Time records required for rental real estate brokers - by Andrew Lieb

February 05, 2019 - Front Section

Attention rental brokers – there is a new Safe Harbor available for your clients to claim qualified business income that is entitled to a 20% income tax deduction set forth at 26 USC §199A and your clients are going to need your help to qualify.   

The Safe Harbor, published by the IRS as “Section 199A, Trade or Business Safe Harbor: Rental Real Estate,” treats rental real estate enterprises as a qualifying trade or business for purposes of 26 USC §199A. 

To qualify, your client will need to have: 

1. Separate books and records reflecting income and expenses for each rental real estate enterprise; 

2. At least 250 hours of rental services performed per tax year (commercial and residential real estate cannot be combined for the 250 hours); and 

3. Records regarding hours of services, description of services, dates services were performed, and who performed the services.

Where you come in is with respect to the 250 hours of rental services and records. You see, the owner of the rental property does not have to perform all 250 hours of services themselves. As outlined in the Safe Harbor, rental service hours may be performed by employees, agents, and/or independent contractors. Because real estate brokers are encompassed within this language, your efforts count toward the owner’s ability to qualify for this 20% income tax deduction.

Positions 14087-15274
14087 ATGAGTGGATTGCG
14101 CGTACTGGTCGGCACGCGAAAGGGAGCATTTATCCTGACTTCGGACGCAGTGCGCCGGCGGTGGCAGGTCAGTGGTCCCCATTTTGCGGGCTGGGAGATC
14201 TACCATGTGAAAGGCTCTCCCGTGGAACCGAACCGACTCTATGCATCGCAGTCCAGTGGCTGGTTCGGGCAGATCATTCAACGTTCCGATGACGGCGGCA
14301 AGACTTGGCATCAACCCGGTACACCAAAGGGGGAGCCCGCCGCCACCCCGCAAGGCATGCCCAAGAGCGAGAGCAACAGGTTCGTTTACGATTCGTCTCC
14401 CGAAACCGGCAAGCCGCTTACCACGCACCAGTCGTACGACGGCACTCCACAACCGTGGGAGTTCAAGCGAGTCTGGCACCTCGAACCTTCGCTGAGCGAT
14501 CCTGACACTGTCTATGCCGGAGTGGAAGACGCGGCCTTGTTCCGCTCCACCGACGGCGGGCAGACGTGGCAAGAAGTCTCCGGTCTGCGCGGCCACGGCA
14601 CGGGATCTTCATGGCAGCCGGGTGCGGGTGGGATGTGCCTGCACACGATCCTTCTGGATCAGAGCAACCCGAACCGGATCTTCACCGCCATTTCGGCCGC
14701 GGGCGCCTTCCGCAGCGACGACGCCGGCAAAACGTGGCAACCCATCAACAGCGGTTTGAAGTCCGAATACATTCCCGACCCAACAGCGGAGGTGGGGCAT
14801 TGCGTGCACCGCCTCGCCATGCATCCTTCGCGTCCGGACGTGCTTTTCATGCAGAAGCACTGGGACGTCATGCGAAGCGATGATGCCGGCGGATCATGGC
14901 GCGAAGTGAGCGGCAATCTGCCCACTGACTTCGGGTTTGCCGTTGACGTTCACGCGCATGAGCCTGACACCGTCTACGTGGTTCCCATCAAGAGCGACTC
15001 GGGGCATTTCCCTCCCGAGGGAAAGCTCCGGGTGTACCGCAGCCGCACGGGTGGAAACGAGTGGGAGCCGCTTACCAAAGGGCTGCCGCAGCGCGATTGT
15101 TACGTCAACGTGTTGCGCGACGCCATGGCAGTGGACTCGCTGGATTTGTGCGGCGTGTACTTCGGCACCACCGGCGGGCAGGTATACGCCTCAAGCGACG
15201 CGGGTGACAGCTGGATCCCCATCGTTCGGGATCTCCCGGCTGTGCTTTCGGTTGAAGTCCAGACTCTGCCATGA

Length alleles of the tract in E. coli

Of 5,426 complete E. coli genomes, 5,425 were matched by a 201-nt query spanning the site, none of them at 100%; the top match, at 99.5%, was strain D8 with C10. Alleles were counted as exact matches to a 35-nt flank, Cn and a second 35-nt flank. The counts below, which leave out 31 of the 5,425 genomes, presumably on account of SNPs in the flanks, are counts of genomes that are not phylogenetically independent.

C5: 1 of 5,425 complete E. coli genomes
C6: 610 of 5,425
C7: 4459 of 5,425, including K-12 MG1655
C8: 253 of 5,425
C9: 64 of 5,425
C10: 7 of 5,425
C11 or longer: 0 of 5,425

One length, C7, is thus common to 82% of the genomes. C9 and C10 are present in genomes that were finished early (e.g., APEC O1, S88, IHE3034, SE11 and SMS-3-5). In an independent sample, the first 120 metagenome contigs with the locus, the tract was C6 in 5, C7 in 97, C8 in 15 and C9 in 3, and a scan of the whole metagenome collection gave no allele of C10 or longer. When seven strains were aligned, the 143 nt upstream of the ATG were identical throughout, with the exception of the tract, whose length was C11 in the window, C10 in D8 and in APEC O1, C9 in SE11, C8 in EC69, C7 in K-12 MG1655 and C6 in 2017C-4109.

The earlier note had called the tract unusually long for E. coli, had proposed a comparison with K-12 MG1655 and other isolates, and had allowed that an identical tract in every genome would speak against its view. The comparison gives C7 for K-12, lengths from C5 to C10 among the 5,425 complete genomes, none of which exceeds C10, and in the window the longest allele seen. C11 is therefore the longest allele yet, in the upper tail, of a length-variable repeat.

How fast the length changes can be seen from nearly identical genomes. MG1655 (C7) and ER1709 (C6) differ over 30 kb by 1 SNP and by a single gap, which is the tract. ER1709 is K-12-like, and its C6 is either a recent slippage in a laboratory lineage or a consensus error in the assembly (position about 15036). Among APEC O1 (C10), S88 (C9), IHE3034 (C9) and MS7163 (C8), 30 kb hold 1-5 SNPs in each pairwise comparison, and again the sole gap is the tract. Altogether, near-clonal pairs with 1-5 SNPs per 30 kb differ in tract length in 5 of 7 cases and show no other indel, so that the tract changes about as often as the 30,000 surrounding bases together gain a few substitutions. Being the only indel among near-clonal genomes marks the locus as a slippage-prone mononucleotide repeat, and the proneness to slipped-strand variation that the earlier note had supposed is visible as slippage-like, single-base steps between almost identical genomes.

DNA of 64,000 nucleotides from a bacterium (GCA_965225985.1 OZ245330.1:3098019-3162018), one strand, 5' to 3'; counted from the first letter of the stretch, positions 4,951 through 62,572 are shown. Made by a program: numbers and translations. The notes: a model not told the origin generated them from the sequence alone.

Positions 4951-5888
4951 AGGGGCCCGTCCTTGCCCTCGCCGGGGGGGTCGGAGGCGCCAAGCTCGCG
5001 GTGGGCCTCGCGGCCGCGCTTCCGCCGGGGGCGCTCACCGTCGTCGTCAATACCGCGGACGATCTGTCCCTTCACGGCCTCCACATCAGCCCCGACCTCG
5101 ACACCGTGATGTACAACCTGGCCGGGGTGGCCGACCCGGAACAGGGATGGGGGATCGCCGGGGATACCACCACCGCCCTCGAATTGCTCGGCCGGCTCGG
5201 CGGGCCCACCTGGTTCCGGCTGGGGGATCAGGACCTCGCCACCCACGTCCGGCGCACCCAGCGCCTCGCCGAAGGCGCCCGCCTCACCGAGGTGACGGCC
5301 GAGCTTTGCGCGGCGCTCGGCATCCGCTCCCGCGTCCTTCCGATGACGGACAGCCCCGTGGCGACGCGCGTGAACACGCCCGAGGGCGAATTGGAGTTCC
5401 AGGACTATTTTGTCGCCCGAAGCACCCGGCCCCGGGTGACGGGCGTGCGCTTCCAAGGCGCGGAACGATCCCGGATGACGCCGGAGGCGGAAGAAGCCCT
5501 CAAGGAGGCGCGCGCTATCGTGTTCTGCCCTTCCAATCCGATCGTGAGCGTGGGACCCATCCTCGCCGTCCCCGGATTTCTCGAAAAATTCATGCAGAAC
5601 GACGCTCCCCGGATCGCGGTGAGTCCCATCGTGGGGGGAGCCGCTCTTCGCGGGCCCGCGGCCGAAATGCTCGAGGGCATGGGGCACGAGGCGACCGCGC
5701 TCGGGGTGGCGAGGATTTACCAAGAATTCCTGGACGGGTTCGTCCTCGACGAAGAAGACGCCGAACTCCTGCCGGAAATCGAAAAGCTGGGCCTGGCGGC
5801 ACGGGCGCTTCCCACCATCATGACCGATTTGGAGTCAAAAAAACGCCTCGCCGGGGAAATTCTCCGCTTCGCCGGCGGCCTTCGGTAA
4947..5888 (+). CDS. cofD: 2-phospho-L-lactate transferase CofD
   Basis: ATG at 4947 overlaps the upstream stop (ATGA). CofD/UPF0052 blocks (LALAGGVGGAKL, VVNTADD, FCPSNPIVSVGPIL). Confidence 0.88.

However, simply claiming that you work a lot of hours is not enough. Pursuant to the Safe Harbor, “records are to be made available for inspection at the request of the IRS.” So, you need to revolutionize the brokerage industry by tracking your time while making full activity reports available to your clients. In fact, your client-pitch should now include offering these detailed records on a monthly basis incident to your representation. 

Records that should be included in these activity reports include the time you spent advertising to rent/lease the property, negotiating and executing leases, screening tenants, collecting rent, maintaining and repairing the property, managing the property, purchasing materials, and supervising your employees and independent contractors. However, the time spent in purchasing the property does not count. Your travel time is also always excluded. 

A real estate broker has a duty of reasonable care as part of his/her fiduciary duties. Further, a real estate broker can directly offer reasonable care by tracking activity and providing monthly activity reports designed so clients can qualify for a 20% money-saving tax-deduction Safe Harbor. 

Andrew Lieb, Esq., is the managing attorney at Lieb at Law, P.C., Smithtown, N.Y.



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